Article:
The first step in the inventive procedure involves selecting a suitable polynuclear condensed aromatic hydrocarbon of the type described above. The most effective results are obtained with anthracene, naphthacene, perylene and chrysene and derivatives thereof. Materials found particularly useful in the practice of the present invention are 1,2,S-triphenylnaphthalene 9, 1 O-diphenylanthracene 9,10-di-p-anisylanthracene 5,6, 1 1, 12-tetraphenylnaphthacene naphthacene perylene The next step involves the preparation of a solution, including a solvent for the aromatic hydrocarbon, having a concentration of at least 1 10- moles/liter, the upper limit being determined by solubility. In order to avoid destruction of the active component of the electro-luminescent cell, it is necessary to employ an aprotic solvent, that is, one with no available protons since the electrogenerated negative ions react rapidly with the protons. Materials found particularly suitable in this use are N,N dimethylformamide, acetonitrile, acetone and N-methylpyrrolidone.
Following the preparation of the aromatic solution, an inert conducting salt is added for the purpose of reducing the solution resistance. It has been determined that such salt should be added in an amount approximately equal to or greater than 0.05 mole/liter, the lower limit being dictated by the maximum desirable power dissipation in the cell whereas the upper limit is determined by solubility. Material found suitable in the use are tetra-alkyl ammonium perchlorates or chlorides and alkali metal, other than lithium, perchlorate or chlorides.
The temperature of the system may range from 50 C. down to approximately the freezing point of the solvent.
The only elements now remaining before completion of the novel electroluminescent cell are the electrodes. However, in certain instances, it may be desirable at this point to purge the solution of oxygen by bubbling nitrogen therethrough. Next, the electrodes which may be comprised of any commercially available material suitable for this purpose are inserted. Helices, wires, planes and rods may be employed in this use. Platinum, gold or carbon have been found particularly eflicacious as electrodes.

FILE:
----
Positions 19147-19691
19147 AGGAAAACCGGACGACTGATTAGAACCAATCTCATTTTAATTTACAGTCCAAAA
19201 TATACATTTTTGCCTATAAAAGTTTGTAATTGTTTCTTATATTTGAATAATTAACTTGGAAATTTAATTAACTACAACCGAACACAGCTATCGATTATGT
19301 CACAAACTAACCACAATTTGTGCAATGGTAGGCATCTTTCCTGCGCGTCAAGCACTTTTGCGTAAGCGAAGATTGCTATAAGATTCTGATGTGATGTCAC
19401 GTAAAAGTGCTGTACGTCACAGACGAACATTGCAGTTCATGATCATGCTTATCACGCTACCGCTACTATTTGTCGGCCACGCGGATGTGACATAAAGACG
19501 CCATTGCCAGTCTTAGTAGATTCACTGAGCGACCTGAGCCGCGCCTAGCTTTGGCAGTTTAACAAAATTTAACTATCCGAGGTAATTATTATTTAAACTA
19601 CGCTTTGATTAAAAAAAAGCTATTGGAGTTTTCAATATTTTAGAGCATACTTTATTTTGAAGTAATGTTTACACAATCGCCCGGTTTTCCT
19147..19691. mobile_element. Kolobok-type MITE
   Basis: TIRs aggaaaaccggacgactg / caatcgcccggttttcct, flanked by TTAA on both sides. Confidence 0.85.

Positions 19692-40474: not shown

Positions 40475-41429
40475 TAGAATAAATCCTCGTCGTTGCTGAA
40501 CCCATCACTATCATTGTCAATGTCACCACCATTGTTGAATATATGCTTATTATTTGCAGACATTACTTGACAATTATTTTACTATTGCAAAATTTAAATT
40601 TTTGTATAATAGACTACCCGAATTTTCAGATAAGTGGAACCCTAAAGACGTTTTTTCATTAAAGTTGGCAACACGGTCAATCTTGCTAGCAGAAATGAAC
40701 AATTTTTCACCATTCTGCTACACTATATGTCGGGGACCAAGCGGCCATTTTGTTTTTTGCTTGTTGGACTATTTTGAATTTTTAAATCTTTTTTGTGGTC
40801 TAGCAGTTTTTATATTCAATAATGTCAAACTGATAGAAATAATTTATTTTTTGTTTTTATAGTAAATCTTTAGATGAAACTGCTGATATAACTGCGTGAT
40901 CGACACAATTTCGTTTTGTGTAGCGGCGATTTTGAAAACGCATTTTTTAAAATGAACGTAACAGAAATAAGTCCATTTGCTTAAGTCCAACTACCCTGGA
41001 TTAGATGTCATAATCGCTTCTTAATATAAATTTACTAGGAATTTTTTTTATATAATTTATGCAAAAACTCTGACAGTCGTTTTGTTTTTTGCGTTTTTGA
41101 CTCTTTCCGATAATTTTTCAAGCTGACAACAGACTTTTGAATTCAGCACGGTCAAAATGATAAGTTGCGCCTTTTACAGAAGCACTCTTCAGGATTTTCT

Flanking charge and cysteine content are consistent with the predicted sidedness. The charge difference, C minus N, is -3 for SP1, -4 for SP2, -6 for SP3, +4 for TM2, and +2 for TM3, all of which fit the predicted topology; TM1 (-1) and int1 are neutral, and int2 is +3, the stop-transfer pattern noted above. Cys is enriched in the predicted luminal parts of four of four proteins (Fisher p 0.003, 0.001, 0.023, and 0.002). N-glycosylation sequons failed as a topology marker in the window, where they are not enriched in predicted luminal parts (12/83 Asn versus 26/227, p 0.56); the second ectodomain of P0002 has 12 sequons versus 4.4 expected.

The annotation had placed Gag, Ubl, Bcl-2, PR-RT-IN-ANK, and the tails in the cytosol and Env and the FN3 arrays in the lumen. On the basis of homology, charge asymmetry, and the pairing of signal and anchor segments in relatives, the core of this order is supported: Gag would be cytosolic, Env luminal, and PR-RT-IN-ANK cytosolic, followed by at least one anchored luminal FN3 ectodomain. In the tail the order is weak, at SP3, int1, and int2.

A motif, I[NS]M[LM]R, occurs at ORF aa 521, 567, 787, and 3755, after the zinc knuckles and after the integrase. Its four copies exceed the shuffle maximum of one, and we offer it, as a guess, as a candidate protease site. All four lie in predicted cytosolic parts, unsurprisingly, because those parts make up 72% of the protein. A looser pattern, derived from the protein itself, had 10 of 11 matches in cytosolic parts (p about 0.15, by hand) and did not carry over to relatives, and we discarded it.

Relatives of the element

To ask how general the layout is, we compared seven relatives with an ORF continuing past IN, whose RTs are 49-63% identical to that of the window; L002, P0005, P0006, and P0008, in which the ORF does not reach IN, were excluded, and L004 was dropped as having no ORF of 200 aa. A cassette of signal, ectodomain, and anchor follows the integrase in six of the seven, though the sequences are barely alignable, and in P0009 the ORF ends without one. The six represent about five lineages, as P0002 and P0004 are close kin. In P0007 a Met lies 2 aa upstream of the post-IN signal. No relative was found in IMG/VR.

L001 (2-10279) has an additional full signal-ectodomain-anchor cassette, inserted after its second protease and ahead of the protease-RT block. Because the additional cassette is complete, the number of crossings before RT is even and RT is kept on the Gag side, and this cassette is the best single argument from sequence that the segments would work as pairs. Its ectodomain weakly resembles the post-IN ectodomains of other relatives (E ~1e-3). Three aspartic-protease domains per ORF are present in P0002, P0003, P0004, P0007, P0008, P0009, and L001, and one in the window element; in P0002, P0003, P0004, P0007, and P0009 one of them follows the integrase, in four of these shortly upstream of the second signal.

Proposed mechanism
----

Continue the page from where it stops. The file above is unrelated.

Thereafter, an alternating current having a Faradaic current density measured at either electrode ranging from 0.1 to milliamperes per square centimeter as a voltage having a frequency of 0.1 to 10,000 cycles per second is applied to the cell, so resulting in the emission of bright fluorescence as determined visually or with the use of a photomultiplier. In addition to the Faradaic current density, there is a second current component which is necessary to charge or discharge the electrical double layer. It has been determined that the use of current densities appreciably in excess of the noted maximum results in breakdown of the solvent whereas the use of current densities appreciably below the noted minimum fails to produce the desired result. It has also been determined that fluorescence occurs at applied peak to peak voltages rang ing down to as low as 3.5 volts A.-C., the upper limit of applied voltage being determined by the voltage which is necessary to reach electrode potentials at which the current for the electrochemical reduction of the aromatic hydrocarbon to its radical anion is diffusion controlled. A typical upper limit would be 30 volts.
Several examples of the present invention are described in detail below. These examples are included merely to aid in the understanding of the invention, and variations a may be made by one skilled in the art without departing from the spirit and scope of the invention.